Supplies

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How to Make A Marionette Using A Totem Poppet

There are so many amazing ways to craft and use the EyeConnect Totem Poppets, but one of my favorites is turning them into puppets. Marionettes are loads of fun to play with, but if you’ve ever tried to make one, it can get complicated in a hurry! Thankfully, the Totem Poppets are made to move, so turning them into marionettes is effortless.

Here’s how I turned the Wolf Poppet into a Wolf Marionette Puppet!

Making a Marionette Using A Totem Poppet

First, I started off by coloring my totem using an ink pad. I’ve sometimes learned the easiest way to get this done is to sponge the pad across my project.

Next, I wanted to add a molted look to the coloring of the wolf, so I used a spray ink. While it was wet, it looked perfect. Unfortunately, as you can see in the picture below, when it dried the spots completely disappeared.

Since I was still dead set on creating a detailed look, I used the Smooch accents to draw on fur.

Finally, I put my totem together using the mini brads. Then, I tied both ends of a piece of thread to the front and back of the wolf.

From there I simply looped it repeatedly around the two ends of the small dowel. You can always cut two individual pieces of thread and tie the totem to the dowel that way. However, I think it is easier to find the right length when you just wrap it around the dowel. That way, if a smaller child is playing with it, you can easily shorten it for them.

 

Supplies

Totem Wolf

Mini Brads

Brown Ink Pads

Black Ink Spray

Smooch Accents

Small Dowel

String (I used a thick quilting thread)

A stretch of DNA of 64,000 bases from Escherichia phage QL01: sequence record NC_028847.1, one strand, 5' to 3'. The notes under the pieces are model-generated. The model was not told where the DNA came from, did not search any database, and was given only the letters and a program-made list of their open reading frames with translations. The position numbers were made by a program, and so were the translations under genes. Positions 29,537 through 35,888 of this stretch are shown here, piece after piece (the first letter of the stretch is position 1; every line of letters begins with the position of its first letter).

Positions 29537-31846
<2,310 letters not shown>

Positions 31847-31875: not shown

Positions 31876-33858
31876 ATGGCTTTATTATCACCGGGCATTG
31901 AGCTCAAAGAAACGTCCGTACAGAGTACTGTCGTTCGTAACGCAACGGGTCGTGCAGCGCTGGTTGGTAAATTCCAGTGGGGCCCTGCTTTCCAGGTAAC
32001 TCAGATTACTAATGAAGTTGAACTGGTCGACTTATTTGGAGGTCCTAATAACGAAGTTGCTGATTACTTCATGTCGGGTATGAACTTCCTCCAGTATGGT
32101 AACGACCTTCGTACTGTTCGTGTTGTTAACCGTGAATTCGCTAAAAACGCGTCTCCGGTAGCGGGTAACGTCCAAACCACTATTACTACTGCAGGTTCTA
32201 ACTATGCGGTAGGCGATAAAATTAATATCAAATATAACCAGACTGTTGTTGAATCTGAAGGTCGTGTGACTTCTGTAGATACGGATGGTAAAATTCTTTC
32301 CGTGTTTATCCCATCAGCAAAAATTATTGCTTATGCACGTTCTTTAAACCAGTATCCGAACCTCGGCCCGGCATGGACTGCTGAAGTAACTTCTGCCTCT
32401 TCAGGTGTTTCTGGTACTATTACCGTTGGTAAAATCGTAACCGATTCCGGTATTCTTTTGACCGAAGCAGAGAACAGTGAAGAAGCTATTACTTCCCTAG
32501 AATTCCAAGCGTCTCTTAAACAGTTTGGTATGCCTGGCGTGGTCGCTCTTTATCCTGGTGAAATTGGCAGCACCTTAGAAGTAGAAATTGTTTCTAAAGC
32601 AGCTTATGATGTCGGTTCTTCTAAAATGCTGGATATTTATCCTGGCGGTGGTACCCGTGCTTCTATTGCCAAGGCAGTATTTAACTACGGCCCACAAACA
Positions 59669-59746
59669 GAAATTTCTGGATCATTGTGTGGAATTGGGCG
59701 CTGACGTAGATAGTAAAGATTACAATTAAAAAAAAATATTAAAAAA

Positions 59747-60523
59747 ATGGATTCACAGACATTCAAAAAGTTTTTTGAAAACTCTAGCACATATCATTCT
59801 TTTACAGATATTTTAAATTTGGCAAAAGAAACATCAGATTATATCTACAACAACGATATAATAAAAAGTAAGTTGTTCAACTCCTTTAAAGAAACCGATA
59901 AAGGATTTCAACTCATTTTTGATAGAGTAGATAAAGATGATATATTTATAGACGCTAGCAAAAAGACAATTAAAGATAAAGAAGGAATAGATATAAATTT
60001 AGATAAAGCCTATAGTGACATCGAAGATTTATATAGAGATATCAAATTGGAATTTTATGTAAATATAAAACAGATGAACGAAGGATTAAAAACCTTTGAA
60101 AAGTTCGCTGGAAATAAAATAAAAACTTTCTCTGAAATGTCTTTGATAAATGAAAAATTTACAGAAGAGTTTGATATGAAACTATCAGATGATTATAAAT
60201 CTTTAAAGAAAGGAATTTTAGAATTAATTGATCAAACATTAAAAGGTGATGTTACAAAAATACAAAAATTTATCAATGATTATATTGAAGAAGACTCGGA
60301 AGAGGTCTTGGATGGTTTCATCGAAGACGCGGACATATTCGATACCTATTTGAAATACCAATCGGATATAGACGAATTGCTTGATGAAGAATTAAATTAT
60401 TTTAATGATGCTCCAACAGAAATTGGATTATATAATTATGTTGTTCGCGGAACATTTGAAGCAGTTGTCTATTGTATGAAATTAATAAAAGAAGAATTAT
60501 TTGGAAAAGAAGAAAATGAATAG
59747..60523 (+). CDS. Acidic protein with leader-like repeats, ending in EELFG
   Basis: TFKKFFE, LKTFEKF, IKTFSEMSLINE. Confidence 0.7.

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Easy to Make Bendy Straw Duck Puppets

It’s camp week at our house which means it’s uncommonly quiet and not once have I been asked, “Can I play on the…”. The toddler and I agree it’s a beautiful thing and it’s made craft time a little more special since it’s just us. I love working on projects as a family, but I forget how much fun it can be to spend one-on-one time making. There are fewer distractions and comparisons being made; there’s an intimacy to the moment that lets the imagination soar!

Speaking of pretend play, here’s how we made a family of duck puppets using bending straws.

Duck Family Puppets

First, gather your supplies. In the picture above you can see I started out using kids’ washable paints, they did not work well at all, and we ended up painting over them with a thicker acrylic.

Second, Paint your ducks! We went for the classic yellow and orange, but if you’re crafting with older kids, you could always get more creative with their colors.

If there is one mistake I regularly make with the Totem Poppets it’s not paying attention to the image and painting the WRONG SIDES. To be sure you don’t make this mistake paint both sides of your pieces!